Siksika wants to build 25,000-square-foot medical marijuana facility

By Anna Brooks | Calgary Herald | Nov 4, 2016

The Siksika Nation could be the first indigenous people in Alberta to produce medical marijuana on-site.

An application was filed in July 2016 to Health Canada to grow pharmaceutical-grade marijuana on Siksika land, a decision approved by the Siksika Nation chief and council.

Council member Marsha Wolf Collar said after researching and observing trends across Canada and the U.S., the council determined the construction of a medical marijuana production facility is a smart move for business and community reasons.

“As a First Nation, we believe in a holistic view of health,” Wolf Collar said. “Unfortunately, we’re seeing in most communities a lot of opiate use, and synthetic drugs doing a lot of damage.”

With mounting evidence showing that production of high-quality, medical-grade marijuana can alleviate chronic pain, insomnia and even improve overall quality of life, Wolf Collar said manufacturing cannabis on Siksika land would benefit community members and outlying areas.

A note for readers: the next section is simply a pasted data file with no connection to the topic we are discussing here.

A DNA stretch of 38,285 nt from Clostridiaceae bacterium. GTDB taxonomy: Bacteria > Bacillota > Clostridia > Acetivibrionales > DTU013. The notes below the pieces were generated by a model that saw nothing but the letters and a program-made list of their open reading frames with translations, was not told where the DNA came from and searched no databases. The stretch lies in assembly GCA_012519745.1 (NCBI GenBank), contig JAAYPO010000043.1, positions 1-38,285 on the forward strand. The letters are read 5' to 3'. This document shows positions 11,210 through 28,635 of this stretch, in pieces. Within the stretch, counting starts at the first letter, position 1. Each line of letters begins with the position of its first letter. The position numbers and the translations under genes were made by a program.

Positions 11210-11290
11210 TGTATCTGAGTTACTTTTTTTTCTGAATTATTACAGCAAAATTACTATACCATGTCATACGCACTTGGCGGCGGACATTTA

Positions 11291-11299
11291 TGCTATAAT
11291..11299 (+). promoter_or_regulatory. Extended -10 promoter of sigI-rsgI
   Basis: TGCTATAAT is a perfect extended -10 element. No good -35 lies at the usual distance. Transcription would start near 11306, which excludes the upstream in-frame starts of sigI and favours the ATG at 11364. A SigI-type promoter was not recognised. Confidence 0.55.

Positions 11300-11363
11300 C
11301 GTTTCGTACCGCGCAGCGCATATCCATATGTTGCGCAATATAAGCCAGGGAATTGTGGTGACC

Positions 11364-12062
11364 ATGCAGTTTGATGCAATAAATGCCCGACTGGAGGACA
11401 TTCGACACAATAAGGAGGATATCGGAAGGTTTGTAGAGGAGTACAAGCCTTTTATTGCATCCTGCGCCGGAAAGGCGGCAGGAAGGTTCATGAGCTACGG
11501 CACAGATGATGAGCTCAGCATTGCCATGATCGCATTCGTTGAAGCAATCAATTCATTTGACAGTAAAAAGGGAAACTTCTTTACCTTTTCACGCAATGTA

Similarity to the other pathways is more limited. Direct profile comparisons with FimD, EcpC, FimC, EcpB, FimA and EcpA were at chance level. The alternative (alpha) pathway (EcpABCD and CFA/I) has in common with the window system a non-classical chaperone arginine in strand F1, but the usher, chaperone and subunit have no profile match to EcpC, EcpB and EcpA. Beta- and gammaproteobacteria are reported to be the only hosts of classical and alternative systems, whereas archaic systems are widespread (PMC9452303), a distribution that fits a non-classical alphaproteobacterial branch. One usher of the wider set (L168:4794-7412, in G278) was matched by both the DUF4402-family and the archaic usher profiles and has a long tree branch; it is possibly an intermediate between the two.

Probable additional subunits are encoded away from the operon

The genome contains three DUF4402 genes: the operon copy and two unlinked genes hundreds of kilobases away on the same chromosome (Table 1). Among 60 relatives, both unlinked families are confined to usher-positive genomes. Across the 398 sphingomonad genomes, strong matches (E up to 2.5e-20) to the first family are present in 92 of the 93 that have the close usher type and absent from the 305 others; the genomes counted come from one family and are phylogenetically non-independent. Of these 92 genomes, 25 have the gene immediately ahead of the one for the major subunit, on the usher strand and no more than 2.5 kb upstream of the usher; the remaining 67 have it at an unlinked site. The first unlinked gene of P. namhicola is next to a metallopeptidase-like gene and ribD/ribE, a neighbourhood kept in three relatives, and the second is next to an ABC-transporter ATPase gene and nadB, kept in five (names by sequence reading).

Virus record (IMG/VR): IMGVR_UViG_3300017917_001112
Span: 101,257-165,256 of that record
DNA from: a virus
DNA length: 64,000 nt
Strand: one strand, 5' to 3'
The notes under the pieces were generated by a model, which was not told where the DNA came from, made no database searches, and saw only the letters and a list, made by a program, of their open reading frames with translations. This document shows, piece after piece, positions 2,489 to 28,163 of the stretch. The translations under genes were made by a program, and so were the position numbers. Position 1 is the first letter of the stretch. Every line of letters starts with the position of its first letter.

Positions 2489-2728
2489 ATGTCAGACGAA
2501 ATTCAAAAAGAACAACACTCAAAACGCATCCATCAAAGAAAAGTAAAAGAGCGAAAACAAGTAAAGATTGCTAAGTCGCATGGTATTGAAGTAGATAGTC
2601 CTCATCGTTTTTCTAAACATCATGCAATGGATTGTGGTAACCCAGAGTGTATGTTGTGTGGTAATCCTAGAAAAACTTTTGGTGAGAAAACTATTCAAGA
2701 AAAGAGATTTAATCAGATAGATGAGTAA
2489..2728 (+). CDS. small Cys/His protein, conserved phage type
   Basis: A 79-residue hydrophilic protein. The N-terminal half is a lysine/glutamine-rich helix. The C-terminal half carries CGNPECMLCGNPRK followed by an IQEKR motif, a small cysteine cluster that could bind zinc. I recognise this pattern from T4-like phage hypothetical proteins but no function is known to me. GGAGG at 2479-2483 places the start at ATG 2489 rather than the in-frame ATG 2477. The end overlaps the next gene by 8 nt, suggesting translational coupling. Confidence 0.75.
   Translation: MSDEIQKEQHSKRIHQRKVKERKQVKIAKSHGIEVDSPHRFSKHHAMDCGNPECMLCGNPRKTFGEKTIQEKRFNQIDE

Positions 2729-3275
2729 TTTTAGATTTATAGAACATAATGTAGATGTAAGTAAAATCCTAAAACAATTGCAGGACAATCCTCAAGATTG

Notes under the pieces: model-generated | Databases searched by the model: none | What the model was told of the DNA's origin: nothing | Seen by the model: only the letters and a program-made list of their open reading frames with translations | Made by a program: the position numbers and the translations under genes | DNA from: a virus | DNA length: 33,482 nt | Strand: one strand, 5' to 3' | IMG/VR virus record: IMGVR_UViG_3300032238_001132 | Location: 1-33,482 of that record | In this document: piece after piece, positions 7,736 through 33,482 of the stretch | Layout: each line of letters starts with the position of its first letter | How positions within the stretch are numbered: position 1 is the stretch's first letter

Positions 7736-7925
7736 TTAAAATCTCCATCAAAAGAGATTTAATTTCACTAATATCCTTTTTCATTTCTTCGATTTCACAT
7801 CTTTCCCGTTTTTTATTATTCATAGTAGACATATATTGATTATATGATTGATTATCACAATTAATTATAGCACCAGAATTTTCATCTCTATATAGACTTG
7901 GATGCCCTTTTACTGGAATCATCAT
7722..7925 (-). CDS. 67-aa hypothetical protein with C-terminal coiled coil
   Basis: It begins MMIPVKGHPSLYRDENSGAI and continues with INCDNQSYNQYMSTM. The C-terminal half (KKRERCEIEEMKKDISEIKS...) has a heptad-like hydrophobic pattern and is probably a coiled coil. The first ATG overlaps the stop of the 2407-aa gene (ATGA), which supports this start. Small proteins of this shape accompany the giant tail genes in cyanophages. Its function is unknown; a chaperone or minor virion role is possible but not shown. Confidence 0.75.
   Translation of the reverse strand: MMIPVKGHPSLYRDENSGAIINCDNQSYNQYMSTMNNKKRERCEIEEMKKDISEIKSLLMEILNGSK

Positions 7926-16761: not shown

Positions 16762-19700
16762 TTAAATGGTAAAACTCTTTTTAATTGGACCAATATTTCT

“We’re looking at marijuana use through a medical lens,” she said. “This is something we could bring not only to our First Nation community, but distribute to the rest of Canada and even internationally.”

A joint venture between Siksika Resource Development Ltd. and Siksika Herbz Ltd., the $14.2-million project east of Calgary will feature a 25,000-square-foot facility that is projected to “deliver upwards of $14.4 million in annual revenue from dried cannabis alone.”

Siksika Nation expects final approval of the initiative by 2018.

Wolf Collar added that besides the potential revenue from a local medical marijuana source, the facility would address and alleviate other community concerns, such as housing issues, addictions and medical problems.

“We’re really excited about it,” Wolf Collar said. “We’re also looking at this as a prevention model. We want to give back to the community and help address some of our social issues, and we think it can really help us in the long run.”

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